How to Cancel Bids on an eBay Auction

eBay cancel bids
••• Cancel eBay bids using the proper protocol. Getty Images

 Everyone makes mistakes, and eBay buyers are no exception. Perhaps you heard about the toddler who was playing around with her Daddy's mobile phone and accidentally bought a car on eBay? That is a true story. Back in 2013, a toddler picked up her Daddy's phone after he had been using the eBay app to look at cars. She pressed enough buttons to complete a purchase of a used Austin Healey Sprite for $225.

Dad could have retracted the bid but paid for the car and will have it restored. (Read the full story here.)

Bidding is a Buying Commitment

As a general practice, eBay does not encourage canceling bids. In fact, the verbiage from eBay about bidding states:

A non-binding bid is a bid that shows a buyer's interest in purchasing an item, but it doesn't create a formal contract between the buyer and the seller. All bids made in the Real Estate and eBay Motors vehicles categories are considered non-binding.

Bidding on an eBay item does not create a binding agreement, but frequent bidding then canceling a bid is not an accepted practice and too many retracted bids can result in eBay closing your account. eBay does not allow:

  • Bidding without the intent of completing the purchase 

  • Retracting a bid on an item that doesn't fall into a non-binding bid category

  • Backing out of the transaction due to buyer or seller remorse

  • Backing out of the transaction because buyers didn't place a high enough bid and the seller didn't add a reserve price

  • Stating in the listing that bidding could result in a binding obligation to complete the purchase

Avoid Shill Bidding

Just make sure you really want to purchase the item and make that commitment.

eBay also frowns on shill bidding, which is an arranged bid by a friend, relative, co-worker, or someone the seller has asked to bid on the item to artificially inflate the price. Shill bidding is a serious offense on eBay and repeat offenders will be suspended from the site. Years ago, when eBay was mostly auctions, shill bidding was a common way to artificially raise the final selling price of auction items. Users often had multiple user IDs and would even be paid by the seller to input fake bids. This practice isn't as widespread today, mostly because auctions aren't as robust as they used to be and many auctions end without a single bid.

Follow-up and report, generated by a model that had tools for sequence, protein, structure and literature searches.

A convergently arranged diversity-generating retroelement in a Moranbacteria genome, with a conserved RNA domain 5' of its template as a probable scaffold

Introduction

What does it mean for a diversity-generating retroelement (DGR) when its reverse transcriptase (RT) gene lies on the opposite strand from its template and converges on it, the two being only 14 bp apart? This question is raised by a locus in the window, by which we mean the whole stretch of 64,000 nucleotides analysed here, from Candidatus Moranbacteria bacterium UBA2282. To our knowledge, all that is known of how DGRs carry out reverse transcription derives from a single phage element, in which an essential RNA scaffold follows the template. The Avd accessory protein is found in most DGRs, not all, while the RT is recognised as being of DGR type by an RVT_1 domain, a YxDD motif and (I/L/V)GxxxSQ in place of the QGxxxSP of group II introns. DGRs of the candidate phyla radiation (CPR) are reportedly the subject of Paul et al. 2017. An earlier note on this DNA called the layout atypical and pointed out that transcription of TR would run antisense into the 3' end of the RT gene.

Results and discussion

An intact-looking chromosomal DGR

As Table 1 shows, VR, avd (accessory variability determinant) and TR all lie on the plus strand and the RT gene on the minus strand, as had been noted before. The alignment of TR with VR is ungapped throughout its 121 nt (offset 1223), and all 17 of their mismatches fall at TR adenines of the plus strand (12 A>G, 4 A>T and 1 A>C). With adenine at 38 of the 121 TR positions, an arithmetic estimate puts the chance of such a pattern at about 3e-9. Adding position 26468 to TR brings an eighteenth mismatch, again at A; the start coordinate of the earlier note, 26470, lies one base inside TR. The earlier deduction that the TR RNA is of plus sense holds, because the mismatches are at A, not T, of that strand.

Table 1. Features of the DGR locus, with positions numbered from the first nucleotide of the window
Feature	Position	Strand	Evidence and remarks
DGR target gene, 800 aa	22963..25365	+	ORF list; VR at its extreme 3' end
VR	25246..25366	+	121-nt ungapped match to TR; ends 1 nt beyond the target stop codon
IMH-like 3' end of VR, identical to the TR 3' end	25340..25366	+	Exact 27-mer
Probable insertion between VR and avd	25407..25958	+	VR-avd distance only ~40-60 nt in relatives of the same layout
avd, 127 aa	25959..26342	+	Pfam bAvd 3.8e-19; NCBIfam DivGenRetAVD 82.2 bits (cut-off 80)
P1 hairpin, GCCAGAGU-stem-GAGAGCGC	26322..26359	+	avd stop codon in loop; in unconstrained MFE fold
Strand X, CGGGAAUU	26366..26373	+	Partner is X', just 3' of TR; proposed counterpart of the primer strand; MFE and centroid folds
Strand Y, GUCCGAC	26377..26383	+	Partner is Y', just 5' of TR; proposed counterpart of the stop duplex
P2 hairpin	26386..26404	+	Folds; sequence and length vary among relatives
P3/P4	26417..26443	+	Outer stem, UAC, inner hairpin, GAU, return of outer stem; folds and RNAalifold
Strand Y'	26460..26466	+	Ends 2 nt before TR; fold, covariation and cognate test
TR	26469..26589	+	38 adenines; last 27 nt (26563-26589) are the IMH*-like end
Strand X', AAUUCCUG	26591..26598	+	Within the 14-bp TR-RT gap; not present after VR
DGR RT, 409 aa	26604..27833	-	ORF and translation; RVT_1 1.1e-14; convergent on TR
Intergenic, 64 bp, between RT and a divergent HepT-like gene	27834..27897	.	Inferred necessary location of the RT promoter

How to Cancel a Bid

eBay understands that accidents happen and that occasionally a bid needs to be canceled. If you, your child, or your intoxicated friend bids on an item by mistake, follow these steps to have the bid canceled.

  • Review the conditions and time restrictions for canceling a bid in an auction-style listing.

  • If you feel you have a valid reason for canceling a bid, fill out a Bid Retraction.

How to Cancel a Winning Auction Bid

If you bid by mistake and actually won the item, the steps are different. Contact your seller through the eBay messaging system and explain that you want to cancel the sale.

While they will be disappointed, most sellers will honor the request and move on. Sellers only get a strike against them when they cancel sales because of damaged or missing inventory. eBay sellers cannot force buyers to pay, so if the seller makes any threatening or harassing statements, report them to eBay Customer Service.

How to Cancel a Winning Best Offer

Best Offer is another situation where buyers may change their minds. Granted, sellers are not happy to hear that buyers want to cancel a sale, for many, eBay is how they earn their living. But buyers have the right to cancel a sale. Again, contact the seller and ask to cancel the transaction. Neither trading parter will be able to leave the other feedback since the transaction isn't completed and money isn't exchanged. 

Bottom line, no transaction is set in stone on eBay.

Respect the platform and understand that bidding and offers are a commitment to buy. Sellers are people just like you who are reasonable people and will usually work with buyers in an accommodating manner.

Updated on July 25, 2016 by Suzanne A. Wells